After Paul left, he eventually made his way to Ephesus, where he remained for three years teaching the church.  It was during that time that another eloquent missionary by the name of Apollos became known.  Paul had encountered some of Apollos’ converts in Ephesus, and eventually Apollos met some of Paul’s converts in Corinth.  Although this should have made for a wonderful foundation among the church, it sowed the seeds for some prideful division – something which is addressed early in the letter.  It was while Paul was still in Ephesus that he heard of some of the problems facing the church, and that led to the writing of this letter (~54-55AD).  This was actually the 2nd letter Paul wrote to the church (another is referenced in 5:9), but this is the 1st that is preserved for us by the Holy Spirit.

Corinth itself was a truly ancient city, but one that had been recently reformed in 44BC as a Roman colony.  It was hugely populated (larger than Athens), and was considered the Roman center for all of Greece.  It was extremely influential & extremely immoral.  Although the thousands of temple prostitutes Corinth was known for were likely long-passed by the time Paul arrived, idolatry was still rampant, and the Corinthians simply had a sinful DNA…something that the new church there constantly struggled against.

All in all, this was a church that knew Jesus as their Lord, but had a difficult time acting as if Jesus was their Lord.  Whereas the letter to the Romans dealt much with the issue of justification, 1-2 Corinthians both deal with sanctification.  These were people who were made holy by God; now they needed to live holy unto God.  In that, the Corinthians are not unlike American Evangelicals today.  Many people know the right basic doctrine, that Jesus died for their sins at the cross & gave them grace in His resurrection from the grave.  What we tend to struggle with is the practical outworking of our salvation.  How do we live as saved Christians?  Are we living lives wholly dedicated to the Lord?  When we aren’t, we might need to be taken to the woodshed – just like Corinth.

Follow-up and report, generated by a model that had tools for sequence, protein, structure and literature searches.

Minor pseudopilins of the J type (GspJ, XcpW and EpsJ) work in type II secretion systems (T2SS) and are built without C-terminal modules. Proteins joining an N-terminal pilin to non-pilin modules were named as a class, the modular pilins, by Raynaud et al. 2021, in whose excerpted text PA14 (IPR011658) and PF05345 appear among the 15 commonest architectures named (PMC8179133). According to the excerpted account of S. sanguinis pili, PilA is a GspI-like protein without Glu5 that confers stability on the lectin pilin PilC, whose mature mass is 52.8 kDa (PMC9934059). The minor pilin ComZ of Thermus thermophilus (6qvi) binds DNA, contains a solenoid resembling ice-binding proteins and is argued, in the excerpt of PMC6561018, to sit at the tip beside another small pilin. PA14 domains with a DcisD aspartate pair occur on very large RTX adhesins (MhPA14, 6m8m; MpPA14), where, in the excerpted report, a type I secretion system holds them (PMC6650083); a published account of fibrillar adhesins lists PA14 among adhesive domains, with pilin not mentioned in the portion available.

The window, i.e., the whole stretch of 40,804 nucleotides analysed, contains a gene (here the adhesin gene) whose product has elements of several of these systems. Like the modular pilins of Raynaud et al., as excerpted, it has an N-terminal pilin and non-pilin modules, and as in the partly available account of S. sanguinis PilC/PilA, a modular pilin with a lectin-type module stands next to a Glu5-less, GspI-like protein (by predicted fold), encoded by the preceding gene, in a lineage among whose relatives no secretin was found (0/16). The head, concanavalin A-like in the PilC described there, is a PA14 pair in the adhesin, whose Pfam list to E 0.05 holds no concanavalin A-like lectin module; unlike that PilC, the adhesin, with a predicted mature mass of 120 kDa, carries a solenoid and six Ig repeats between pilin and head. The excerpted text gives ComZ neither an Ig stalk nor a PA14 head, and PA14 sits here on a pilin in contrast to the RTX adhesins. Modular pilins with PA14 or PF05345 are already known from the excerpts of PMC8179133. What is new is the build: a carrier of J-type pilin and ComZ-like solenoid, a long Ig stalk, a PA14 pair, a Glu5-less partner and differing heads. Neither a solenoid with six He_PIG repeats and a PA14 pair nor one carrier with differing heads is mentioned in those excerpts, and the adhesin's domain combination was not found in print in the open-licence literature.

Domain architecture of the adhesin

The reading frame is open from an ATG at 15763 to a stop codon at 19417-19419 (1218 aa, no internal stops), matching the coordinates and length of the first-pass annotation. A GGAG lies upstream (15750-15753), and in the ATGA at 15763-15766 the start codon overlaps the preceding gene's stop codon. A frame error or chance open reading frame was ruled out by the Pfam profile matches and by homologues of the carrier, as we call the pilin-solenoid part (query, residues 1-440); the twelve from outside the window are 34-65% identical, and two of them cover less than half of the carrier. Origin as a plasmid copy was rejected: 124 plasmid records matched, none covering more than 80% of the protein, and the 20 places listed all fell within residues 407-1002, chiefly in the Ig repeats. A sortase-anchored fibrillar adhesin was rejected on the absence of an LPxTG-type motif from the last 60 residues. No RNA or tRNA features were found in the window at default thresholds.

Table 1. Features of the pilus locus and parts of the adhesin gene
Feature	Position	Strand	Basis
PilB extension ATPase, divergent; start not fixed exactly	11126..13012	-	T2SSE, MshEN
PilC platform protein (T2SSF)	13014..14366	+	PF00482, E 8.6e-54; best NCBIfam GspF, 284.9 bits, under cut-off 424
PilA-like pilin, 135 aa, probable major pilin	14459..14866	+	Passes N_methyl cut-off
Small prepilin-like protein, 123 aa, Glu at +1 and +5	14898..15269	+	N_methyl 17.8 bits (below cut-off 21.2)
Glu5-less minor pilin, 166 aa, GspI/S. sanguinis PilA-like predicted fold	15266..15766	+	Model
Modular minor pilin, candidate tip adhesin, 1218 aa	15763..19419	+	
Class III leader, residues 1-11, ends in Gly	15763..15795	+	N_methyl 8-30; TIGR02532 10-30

The letter of 1 Corinthians deals with a great many of subjects, and it can feel like a bit of a laundry-list at times.  As a general rule, the simpler a general outline is, the better.  Although it’s easy to break down 1 Corinthians into many more divisions, there are two primary parts to the letter, each containing a few subsections.

Part 1: Problems in the Church (1-6).  These are issues that had been reported back to Paul, and he took pains to address.  This is where most (though not all) of his discipline towards the Corinthians can be found.

  • Divisions (1-4).  Dealing with sectarianism, pride, etc.
  • Disorders (5-6).  Gross immorality, lawsuits & more.

Part 2: Questions from the Church (7-16).  These were issues that were brought to Paul from the church itself, via letter correspondence.  As a concerned pastor, he wanted to help them deal with the things that had been troubling them.

  • Marriage (7). When to marry, when to divorce.
  • Liberty & Conscience (8-10). What might be stumbling blocks to others, and when to exercise liberty vs. restraint.
  • Issues of Worship (11-14).  A wide variety of topics ranging from women in worship, to the Lord’s Supper, to spiritual gifts.